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What If the Baker Street Irregulars Were the Ones Really Solving All Those Mysteries?

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The Baker Street Irregulars, Sherlock Holmes’s organization of motley street urchins, are going to get their own Netflix series. It’s a dark show, full of supernatural mysteries, but the paranormal activity is not the only modification to the Sherlockian world you know and love. The program, titled The Irregulars, posits that the group is manipulated into solving dangerous supernatural crimes by Dr. Watson (who is evil)—feats for which his sketchy business partner Sherlock Holmes gets all the renown. The series, which consists of eight episodes, is due to make its streaming debut on March 26th.

In an interview with the BBC, writer Tom Bidwell sums up the series as a new interrogation of Holmes’s legacy, concentrating on the construction of his mythos: “Sherlock Holmes had a group of street kids he’d use to help him gather clues so our series is what if Sherlock was a drug addict and a delinquent and the kids solve the whole case whilst he takes credit.”

The Baker Street Irregulars, who are for the most part children, made their first appearance in the inaugural Holmes novella A Study in Scarlet. They are led by a boy named Wiggins, and they perform intelligence work around London.

“It’s the Baker Street division of the detective police force,” explains Holmes to a startled Watson, when half a dozen dirty children burst into their apartment one day, in A Study in Scarlet. Holmes elaborates: “There’s more work to be got out of one of those little beggars than out of a dozen of the force. The mere sight of an official-looking person seals men’s lips. These youngsters, however, go everywhere and hear everything. They are as sharp as needles, too; all they want is organisation.” For their work, Holmes pays them each one shilling per day, plus expenses.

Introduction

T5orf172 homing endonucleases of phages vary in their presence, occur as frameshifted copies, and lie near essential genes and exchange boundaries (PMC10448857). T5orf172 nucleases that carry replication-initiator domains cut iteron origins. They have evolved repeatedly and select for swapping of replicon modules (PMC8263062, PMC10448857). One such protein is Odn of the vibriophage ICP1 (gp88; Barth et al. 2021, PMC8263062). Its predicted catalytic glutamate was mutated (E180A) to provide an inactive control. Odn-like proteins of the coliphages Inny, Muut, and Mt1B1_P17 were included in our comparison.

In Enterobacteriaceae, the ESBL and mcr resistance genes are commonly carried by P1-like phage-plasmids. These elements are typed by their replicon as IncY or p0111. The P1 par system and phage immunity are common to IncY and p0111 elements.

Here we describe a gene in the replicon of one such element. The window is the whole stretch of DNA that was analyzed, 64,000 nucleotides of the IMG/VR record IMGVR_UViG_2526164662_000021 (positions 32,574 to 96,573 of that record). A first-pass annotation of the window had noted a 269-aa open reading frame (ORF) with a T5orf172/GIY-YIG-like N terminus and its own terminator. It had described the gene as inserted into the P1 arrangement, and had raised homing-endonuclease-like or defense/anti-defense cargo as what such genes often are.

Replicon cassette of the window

Holmes calls them “the Baker Street Irregulars” for the first time in the following novella, The Sign of the Four, which takes place seven years after A Study in Scarlet. The kids (now teenagers) make a few appearances throughout the Holmes stories, and have been featured in several adaptations, most recently as Holmes’s “Homeless Network” in the BBC Sherlock series starring Benedict Cumberbatch.

In the new series, the leader of the Irregulars is not Wiggins, but a preteen girl named Bea (Thaddea Graham), who looks out for her younger sister Jessie (Darci Shaw). They are accompanied by three other children named Billy (Jojo Macari), Spike (McKell David), and Leopold (Harrison Osterfield).

The cast stars Henry Lloyd-Hughes as the shady Holmes, and Royce Pierreson as the “sinister” Dr. Watson.

Take a look at the official teaser here:

View the full article

Michael Neff
Algonkian Producer
New York Pitch Director
Author, Development Exec, Editor

We are the makers of novels, and we are the dreamers of dreams.

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